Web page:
Around 100 people have been queuing for TB screening following an outbreak in Carmarthenshire.
People who may have been exposed to tuberculosis are being asked to take part in the two-day programme.
The outbreak has killed one woman, with 29 cases of TB linked to the infections in the Llanelli area.
Margaret Pegler, 64, from Llwynhendy, died just five days after being told she had the disease in September.
Screenings have begun at a pub linked to the outbreak, a health centre and Parc y Scarlets in Llanelli.
Dr Brendon Mason from Public Health Wales said: “TB has been circulating at a low level in Llwynhendy for some time and our aim is to ensure that all affected individuals proceed to treatment as soon as possible so that we can halt any further spread of the disease and bring the outbreak under control.”
About 80 people have been identified as contacts with confirmed TB cases and have been sent letters asking them to attend Tuesday and Wednesday’s screening sessions.
An additional call is being issued to people who may have been exposed to TB as an adult customer or employee of the Joiners Arms in Llwynhendy between 2005 and 2018.
The pub’s owners SA Brain said it was “inevitable that several of those affected will have used the pub and mixed with others there”.
Investigations into TB infections have been going on since 2010, with the hope this screening programme can finally halt them.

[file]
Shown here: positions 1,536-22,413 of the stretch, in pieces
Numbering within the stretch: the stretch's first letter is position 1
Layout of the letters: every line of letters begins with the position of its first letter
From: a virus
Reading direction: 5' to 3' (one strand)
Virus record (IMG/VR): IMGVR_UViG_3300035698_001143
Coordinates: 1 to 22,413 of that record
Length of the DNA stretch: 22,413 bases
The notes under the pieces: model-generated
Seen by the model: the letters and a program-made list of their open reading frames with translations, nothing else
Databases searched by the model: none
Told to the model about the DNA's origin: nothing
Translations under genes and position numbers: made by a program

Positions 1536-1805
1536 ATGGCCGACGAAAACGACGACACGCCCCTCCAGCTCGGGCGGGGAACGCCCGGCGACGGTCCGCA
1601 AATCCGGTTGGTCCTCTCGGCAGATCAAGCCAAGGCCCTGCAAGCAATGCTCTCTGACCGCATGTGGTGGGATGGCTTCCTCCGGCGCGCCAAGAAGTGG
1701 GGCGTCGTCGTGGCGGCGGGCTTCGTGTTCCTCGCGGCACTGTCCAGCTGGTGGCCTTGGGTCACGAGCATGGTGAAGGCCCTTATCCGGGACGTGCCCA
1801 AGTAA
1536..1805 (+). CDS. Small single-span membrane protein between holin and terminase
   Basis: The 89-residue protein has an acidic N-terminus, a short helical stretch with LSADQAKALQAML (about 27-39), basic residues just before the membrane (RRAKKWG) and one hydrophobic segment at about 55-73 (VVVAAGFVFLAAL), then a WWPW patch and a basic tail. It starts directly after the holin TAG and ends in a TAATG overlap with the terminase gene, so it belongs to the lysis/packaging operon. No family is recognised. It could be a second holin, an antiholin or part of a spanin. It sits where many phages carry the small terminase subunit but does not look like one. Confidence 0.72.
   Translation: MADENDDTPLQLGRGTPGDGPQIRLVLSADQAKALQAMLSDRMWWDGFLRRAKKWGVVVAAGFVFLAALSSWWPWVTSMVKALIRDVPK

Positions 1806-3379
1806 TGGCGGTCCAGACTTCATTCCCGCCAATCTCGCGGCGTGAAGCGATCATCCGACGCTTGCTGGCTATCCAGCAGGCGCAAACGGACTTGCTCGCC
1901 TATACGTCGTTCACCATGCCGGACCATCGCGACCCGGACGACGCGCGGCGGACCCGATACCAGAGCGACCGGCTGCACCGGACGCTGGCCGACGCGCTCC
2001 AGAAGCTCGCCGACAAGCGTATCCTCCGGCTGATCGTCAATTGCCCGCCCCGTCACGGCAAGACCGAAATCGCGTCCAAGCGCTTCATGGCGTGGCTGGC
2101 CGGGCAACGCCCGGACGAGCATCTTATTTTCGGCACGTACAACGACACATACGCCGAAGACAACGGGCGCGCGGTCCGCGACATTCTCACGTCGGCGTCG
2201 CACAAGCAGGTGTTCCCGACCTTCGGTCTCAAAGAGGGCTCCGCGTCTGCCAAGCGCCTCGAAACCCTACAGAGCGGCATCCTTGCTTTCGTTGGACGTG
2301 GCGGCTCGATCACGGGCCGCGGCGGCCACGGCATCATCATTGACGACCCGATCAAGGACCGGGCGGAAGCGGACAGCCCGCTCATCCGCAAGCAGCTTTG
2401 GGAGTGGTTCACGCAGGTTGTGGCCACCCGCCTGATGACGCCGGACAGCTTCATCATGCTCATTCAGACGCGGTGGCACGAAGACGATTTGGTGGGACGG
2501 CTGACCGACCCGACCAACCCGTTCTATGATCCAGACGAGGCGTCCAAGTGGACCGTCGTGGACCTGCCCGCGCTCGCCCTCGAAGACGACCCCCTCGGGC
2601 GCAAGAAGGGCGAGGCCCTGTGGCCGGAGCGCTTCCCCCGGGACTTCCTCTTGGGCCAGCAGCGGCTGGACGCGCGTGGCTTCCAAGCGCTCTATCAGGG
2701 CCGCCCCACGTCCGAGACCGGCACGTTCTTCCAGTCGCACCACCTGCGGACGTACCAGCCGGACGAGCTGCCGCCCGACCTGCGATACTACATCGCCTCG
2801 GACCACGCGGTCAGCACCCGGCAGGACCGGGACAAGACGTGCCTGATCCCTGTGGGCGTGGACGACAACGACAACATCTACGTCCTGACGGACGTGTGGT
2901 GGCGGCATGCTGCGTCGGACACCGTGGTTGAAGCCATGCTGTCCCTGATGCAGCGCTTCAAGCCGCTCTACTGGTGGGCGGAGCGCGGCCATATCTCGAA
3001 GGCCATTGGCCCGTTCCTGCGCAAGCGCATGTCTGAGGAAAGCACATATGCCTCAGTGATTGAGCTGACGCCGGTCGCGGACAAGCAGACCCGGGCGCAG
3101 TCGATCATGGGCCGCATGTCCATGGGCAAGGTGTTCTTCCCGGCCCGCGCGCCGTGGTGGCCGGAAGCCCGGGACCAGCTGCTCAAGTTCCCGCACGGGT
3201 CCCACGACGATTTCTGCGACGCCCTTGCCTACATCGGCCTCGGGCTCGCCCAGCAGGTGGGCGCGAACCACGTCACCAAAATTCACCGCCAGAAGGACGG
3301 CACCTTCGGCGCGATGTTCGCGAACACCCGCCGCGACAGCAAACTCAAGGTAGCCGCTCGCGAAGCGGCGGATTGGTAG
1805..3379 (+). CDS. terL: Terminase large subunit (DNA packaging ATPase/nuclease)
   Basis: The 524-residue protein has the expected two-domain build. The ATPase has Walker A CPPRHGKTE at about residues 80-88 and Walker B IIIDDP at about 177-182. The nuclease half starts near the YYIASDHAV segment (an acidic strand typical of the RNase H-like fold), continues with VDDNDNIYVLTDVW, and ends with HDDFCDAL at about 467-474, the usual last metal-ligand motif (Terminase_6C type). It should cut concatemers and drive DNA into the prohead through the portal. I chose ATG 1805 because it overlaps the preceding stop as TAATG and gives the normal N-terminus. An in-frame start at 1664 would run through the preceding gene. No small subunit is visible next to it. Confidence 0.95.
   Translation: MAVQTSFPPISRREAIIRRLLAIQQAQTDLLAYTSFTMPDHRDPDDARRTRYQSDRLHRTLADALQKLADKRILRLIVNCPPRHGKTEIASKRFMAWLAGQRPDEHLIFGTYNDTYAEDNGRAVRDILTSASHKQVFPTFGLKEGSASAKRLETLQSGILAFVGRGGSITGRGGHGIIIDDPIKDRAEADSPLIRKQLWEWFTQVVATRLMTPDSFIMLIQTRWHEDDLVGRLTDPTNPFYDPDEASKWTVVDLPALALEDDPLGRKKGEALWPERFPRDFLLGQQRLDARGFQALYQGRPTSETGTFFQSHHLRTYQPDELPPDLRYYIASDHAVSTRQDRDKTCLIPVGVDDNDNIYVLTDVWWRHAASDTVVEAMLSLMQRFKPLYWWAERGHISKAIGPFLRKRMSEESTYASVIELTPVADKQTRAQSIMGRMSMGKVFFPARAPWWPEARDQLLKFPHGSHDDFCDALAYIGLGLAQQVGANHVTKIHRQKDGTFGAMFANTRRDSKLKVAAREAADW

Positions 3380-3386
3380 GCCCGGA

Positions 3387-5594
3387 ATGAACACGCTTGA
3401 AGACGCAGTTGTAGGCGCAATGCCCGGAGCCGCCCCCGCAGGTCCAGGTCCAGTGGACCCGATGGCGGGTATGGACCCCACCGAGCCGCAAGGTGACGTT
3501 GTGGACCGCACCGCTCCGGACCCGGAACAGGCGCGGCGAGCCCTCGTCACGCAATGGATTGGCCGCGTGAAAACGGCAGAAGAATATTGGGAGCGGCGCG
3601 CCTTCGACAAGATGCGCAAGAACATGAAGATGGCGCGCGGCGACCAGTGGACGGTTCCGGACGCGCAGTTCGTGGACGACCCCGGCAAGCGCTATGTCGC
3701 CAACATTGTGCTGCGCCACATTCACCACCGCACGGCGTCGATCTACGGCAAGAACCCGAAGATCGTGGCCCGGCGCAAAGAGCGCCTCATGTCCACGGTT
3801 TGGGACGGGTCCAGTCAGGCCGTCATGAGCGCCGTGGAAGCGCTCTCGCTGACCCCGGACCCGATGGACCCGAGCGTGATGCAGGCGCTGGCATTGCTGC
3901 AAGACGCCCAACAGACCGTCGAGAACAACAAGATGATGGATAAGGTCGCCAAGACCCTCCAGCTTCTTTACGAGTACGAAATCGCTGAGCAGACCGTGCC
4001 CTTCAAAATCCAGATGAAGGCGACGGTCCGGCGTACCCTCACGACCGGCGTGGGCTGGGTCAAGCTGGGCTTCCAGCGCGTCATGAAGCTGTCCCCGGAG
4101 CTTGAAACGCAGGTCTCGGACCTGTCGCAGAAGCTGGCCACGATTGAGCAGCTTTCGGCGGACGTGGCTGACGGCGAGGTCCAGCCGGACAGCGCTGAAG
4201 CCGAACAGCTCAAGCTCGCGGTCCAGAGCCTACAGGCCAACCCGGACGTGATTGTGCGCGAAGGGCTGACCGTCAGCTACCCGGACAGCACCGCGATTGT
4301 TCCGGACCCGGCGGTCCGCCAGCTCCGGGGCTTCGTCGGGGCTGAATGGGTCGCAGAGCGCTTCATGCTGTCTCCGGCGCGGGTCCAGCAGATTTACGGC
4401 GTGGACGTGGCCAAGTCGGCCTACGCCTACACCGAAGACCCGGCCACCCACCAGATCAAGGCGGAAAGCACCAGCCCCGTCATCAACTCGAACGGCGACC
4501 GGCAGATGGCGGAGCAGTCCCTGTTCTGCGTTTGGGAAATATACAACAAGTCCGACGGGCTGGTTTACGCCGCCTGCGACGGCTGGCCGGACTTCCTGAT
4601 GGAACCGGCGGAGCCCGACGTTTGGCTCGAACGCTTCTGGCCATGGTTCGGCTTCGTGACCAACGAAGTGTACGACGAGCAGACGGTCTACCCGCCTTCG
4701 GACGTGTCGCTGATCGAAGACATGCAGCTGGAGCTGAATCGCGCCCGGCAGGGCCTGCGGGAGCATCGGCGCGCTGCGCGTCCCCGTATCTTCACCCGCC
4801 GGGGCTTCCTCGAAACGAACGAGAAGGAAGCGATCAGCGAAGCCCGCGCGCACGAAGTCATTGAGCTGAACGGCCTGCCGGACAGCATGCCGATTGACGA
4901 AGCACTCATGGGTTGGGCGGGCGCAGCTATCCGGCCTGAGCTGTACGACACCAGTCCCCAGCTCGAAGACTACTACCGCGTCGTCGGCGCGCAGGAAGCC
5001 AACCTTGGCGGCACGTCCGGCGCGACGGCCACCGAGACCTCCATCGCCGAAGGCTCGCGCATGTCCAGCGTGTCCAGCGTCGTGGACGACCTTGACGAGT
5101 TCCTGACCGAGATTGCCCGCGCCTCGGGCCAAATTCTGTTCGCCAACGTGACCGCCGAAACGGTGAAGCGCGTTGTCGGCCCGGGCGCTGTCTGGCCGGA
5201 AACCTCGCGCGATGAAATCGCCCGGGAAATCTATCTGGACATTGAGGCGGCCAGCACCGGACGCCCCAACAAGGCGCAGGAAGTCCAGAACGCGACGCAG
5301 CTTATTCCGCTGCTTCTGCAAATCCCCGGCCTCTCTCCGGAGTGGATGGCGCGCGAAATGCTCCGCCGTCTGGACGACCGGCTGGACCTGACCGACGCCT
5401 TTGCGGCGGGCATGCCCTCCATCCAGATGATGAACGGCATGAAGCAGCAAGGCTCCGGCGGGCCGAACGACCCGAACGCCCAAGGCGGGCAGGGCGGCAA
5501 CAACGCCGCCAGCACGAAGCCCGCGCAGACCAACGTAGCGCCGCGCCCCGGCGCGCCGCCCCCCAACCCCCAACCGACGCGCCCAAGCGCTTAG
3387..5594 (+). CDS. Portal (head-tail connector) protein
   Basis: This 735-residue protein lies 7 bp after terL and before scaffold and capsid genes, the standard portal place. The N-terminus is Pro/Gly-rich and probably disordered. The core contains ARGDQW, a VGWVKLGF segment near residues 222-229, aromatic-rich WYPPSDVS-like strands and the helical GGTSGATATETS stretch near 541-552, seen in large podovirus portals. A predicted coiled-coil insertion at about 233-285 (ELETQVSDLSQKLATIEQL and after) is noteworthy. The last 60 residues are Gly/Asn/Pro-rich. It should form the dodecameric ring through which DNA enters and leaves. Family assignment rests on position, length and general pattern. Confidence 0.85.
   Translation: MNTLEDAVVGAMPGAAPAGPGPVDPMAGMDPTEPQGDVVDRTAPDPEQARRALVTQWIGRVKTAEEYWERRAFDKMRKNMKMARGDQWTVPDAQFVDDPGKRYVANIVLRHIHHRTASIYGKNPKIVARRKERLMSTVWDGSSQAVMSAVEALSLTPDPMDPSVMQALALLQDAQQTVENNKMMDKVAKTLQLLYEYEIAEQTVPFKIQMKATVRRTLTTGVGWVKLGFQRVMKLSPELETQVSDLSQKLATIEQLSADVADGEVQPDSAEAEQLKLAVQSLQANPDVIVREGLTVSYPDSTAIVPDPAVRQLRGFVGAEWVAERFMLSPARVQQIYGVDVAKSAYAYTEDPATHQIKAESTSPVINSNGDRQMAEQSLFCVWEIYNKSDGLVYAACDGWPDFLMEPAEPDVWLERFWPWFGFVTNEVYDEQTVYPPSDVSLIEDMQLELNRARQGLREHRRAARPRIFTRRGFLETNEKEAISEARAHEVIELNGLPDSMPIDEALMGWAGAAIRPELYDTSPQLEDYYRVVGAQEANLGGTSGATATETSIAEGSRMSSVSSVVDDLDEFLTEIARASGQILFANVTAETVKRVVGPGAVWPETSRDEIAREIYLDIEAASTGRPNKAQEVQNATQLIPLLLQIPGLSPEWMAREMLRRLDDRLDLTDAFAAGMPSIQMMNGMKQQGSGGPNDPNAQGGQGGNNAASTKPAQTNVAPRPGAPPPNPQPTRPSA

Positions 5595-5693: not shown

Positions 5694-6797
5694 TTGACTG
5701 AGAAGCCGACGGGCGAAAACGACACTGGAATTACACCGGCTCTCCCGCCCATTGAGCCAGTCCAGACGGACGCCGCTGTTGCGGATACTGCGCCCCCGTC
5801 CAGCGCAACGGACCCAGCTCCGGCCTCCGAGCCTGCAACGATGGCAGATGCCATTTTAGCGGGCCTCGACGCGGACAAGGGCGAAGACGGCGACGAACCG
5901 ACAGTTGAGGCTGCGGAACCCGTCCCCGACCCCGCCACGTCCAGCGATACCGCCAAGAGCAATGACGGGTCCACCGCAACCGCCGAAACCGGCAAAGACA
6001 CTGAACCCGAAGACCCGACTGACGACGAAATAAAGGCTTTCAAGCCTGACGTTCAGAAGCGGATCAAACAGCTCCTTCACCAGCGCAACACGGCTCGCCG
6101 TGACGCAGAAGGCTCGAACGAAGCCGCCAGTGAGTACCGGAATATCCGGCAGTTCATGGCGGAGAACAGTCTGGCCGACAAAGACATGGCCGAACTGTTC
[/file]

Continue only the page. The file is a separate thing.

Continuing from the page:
What is TB?
- An infection usually found in the lungs, but any part of the body can be affected
- Contagious and caught by breathing in bacteria in tiny droplets sneezed or coughed out by someone with TB in their lungs
- The most common symptom is a persistent cough for three weeks or more
- Treatment usually involves taking antibiotics for several months
- While it is a serious condition that can be fatal if left untreated, deaths are rare if treatment is completed
Source: NHS Choices
People eligible for screening are:
- Those who received a letter inviting them to attend
- Adult customers and employees of the Joiners Arms between 2005 and 2018 who have not previously been identified as a contact of someone infected with TB
- Adults who have been in the same room for more than eight hours as someone with TB, within four months before the person with TB was diagnosed and treated
PHW said anyone unsure whether they need to be tested should attend a screening session and discuss their circumstances with medical staff.